I did this a number of years ago, by typing or handwriting the information about our heirloom items on a piece of paper and attached a photo with archival safe photo corners. Now that we are in the digital age, I have started a much nicer one that is not only on paper but backed up on my computer. I can also share copies of it via CD. As for the pages in the original book. I've scanned them and inserted the resulting jpeg into the Word document that is the "master copy."
Here's the basic format of my book. You will find an example below.
- Title which describes the item and who it belonged to
- Photo of the item
- When and where the picture was taken
- Digital file name of the picture (in a tiny font)
- Stories related to the item if applicable
Most of the definitions I've read state that provenance is the history of ownership of an item. In this section, I've just tried to write down what I know about who owned the treasure and when. I've also included who told what to who and when.
This has the potential to be the really interesting section if you have stories attached to your heirloom. Ask around the family to see what they know. Don't just ask the senior members either. I've found out some really interesting things from my brother that I had never heard before! It's funny, you grow up in the same house, at the same time, but we all remember different things.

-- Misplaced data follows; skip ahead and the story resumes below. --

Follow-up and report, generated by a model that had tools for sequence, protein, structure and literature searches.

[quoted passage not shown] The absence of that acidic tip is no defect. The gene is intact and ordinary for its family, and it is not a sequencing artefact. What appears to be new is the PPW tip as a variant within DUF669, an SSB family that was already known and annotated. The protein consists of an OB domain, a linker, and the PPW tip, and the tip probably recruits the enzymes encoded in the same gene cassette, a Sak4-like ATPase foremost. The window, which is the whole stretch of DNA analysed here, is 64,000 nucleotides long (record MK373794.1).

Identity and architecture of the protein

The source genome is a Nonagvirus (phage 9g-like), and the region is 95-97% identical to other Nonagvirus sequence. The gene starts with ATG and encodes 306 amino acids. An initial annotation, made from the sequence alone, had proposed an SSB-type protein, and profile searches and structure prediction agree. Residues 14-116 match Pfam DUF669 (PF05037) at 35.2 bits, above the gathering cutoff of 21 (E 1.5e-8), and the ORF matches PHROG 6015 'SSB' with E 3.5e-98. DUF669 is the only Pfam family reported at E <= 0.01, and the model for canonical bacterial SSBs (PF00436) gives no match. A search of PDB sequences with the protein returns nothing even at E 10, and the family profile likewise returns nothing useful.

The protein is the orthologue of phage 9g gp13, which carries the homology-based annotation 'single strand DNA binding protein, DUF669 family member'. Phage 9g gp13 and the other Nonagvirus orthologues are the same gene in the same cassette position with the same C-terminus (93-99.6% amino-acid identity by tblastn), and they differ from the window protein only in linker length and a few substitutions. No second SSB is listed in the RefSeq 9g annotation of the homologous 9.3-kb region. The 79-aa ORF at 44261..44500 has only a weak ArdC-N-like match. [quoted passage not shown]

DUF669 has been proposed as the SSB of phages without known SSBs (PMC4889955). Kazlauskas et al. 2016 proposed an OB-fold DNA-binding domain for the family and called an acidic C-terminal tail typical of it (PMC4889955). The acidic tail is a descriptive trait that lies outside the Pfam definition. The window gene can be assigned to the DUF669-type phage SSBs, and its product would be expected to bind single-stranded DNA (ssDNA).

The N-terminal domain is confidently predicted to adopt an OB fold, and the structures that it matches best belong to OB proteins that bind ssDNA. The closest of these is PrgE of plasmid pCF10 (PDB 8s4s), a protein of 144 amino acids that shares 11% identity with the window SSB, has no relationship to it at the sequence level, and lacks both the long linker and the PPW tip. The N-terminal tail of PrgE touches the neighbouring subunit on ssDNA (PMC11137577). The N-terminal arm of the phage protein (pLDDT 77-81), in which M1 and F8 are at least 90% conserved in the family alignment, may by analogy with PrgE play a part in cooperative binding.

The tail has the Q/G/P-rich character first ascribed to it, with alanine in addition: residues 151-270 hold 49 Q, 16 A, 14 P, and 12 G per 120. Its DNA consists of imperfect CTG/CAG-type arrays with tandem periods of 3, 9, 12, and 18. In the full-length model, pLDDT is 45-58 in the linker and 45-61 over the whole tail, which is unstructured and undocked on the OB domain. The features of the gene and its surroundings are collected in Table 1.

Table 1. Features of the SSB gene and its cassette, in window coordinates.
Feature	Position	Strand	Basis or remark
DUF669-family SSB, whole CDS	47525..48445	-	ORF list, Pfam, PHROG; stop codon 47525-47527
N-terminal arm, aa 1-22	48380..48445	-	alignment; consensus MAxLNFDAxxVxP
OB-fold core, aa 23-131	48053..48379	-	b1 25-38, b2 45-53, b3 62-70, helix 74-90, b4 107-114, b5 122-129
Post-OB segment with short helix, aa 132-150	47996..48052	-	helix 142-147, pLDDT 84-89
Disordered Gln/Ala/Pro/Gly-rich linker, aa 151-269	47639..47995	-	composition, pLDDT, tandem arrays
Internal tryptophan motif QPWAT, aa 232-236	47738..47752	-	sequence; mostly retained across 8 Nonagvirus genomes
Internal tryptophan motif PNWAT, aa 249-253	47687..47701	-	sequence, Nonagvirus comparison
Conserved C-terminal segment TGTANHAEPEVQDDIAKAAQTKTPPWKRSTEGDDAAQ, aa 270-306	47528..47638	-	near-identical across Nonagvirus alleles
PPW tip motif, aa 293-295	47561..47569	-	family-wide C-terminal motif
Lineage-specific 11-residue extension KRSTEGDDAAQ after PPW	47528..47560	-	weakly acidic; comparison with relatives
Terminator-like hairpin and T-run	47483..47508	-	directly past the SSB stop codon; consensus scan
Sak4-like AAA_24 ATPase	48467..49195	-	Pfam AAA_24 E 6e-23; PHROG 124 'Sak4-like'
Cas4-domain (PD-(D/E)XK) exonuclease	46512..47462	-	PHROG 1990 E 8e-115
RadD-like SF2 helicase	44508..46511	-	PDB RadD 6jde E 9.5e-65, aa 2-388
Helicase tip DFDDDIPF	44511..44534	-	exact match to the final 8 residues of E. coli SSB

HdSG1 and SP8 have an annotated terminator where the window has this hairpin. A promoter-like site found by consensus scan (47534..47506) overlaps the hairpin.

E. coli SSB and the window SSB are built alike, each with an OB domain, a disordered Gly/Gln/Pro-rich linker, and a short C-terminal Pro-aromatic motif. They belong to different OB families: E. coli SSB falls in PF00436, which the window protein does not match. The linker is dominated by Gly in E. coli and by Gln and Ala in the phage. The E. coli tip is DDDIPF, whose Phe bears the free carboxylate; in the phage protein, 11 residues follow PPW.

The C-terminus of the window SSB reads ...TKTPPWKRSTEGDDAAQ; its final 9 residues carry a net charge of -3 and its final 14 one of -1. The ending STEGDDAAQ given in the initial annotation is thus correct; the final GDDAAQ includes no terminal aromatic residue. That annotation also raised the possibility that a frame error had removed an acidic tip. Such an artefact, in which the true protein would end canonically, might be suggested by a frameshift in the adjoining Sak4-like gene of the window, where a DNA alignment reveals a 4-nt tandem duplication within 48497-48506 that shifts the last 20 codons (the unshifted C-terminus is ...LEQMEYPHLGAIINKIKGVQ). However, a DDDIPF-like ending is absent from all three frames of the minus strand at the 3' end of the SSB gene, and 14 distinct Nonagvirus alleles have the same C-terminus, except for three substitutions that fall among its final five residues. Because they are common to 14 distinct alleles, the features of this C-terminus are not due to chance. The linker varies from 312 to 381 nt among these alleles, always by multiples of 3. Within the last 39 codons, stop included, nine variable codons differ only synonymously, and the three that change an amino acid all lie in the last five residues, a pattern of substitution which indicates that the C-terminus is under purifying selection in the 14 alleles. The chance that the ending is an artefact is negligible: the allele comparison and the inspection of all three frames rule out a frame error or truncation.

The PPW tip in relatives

Right now I'm using a 3 ring binder with each page in it's own page protector. This way we can easily add new pages and reorder them. Since it's in a "draft" form, there is no hesitation about having someone write their additions on any of the pages. I can put the information into Word later and reprint the page.
I've also included pages for items that another member of the family now has. That way the stories and information is preserved. Also, if I don't physically have an item, I figure the next best thing is to have a picture!
Here's an example:
In summary, I hope you decide to make an "Heirloom Book." If you do, I'd love to hear about your ideas and what you've done.
Copyright 2010, Michelle Goodrum